As we begin the triduum (Holy Thursday, Good Friday and Holy Saturday the Easter Vigil), we travel with Jesus in obedience to His Father in order to fulfill the mission of restoring the kingdom lost through disobedience. We have an advantage over the disciples: we know the ending of this story. But we must avoid racing to the empty tomb before we understand and integrate the cost of the journey.

On Holy Thursday, Jesus shared the Passover meal with his disciples. I doubt that they realized how monumental this meal was. Imagine your father, mother or grandparents sharing a final meal with the family. They know that this would be their last and they would want to impart their hopes and desires. They would want leave something memorable. They would want to demonstrate their love. This final meal on Holy Thursday with his disciples captured every aspect of that final goodbye.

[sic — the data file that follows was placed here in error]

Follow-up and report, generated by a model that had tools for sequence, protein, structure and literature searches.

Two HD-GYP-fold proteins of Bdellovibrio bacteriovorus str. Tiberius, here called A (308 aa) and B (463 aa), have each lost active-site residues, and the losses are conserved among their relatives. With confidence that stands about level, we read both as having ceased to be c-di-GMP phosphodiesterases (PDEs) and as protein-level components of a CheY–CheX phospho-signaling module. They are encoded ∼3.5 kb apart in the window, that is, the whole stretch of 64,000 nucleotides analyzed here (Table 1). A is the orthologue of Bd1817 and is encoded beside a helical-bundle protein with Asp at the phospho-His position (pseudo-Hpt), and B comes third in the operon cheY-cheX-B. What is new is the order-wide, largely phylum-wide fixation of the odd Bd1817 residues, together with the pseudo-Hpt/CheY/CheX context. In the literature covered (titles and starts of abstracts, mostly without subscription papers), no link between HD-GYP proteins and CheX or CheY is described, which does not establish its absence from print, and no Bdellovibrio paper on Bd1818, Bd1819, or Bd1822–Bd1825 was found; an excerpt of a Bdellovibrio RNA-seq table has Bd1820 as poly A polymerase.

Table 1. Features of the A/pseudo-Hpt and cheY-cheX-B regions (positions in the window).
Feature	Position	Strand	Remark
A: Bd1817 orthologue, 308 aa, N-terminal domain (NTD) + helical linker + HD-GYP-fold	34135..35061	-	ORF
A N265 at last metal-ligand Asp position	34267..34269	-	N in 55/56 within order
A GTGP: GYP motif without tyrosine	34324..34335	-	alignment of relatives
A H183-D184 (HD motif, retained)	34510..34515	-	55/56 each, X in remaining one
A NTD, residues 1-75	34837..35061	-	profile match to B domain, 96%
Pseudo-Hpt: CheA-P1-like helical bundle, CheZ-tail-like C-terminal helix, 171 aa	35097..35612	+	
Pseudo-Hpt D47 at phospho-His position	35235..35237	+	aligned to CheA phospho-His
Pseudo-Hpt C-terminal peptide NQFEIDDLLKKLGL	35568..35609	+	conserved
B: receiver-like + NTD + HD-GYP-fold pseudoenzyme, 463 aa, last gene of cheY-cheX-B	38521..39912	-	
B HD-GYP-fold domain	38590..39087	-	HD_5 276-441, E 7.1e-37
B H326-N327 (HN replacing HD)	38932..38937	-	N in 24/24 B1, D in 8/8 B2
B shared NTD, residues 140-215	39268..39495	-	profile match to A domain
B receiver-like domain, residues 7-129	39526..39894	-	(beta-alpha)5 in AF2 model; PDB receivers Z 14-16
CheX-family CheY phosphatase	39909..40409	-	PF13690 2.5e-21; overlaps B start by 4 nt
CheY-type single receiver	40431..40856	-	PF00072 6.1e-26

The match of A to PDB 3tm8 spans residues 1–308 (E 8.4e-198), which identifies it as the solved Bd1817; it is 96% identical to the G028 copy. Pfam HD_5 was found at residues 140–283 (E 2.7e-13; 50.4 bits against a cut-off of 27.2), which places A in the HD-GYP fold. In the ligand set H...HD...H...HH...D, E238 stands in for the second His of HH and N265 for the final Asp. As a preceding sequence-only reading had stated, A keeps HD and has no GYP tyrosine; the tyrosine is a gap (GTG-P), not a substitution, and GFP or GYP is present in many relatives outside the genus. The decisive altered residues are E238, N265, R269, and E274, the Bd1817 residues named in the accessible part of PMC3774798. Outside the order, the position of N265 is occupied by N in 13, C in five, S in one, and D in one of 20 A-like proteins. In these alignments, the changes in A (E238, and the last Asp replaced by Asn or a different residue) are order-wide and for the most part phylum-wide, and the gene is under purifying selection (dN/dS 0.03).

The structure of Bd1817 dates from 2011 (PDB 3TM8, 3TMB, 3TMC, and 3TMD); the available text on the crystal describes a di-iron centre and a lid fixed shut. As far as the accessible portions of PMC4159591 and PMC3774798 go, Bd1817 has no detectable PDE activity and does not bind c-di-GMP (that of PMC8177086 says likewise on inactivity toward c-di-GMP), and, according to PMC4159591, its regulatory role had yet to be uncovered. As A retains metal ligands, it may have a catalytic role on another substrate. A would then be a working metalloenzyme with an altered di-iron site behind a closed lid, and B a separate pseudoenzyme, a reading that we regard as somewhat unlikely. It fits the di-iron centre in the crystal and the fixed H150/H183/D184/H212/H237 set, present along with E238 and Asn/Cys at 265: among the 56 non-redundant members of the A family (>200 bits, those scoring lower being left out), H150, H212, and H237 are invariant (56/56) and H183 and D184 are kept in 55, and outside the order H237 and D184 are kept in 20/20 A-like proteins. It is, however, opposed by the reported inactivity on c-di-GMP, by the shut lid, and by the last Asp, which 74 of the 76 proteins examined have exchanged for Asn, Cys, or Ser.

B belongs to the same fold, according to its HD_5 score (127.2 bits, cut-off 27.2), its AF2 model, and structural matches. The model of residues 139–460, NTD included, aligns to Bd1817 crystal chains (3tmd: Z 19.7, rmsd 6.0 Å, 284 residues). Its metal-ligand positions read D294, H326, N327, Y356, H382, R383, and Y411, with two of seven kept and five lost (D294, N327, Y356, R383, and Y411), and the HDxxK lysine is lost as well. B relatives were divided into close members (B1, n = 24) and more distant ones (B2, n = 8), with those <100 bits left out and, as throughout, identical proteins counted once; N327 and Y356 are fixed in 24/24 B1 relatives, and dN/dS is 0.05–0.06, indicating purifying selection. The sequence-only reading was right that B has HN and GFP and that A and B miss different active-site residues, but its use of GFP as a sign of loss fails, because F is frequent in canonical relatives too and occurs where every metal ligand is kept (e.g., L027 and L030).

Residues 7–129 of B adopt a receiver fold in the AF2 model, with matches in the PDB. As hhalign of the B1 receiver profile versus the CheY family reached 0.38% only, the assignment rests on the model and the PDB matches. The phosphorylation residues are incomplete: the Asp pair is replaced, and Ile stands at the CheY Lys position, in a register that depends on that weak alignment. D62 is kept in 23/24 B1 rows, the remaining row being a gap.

In our personal lives, we try to capture the words of those loved ones, remembering them and holding them in our hearts. We often say “Remember when mom or dad said this,” and share them at times of family gatherings. The words of Jesus, “To love one another,” were something that Jesus always held before his disciples. Now, at the last supper, Jesus will give them his very self. Take and eat, this is my body. Take and drink, this is my blood. At this meal he would institute the “priesthood,” commanding them to “do this in memory of me.”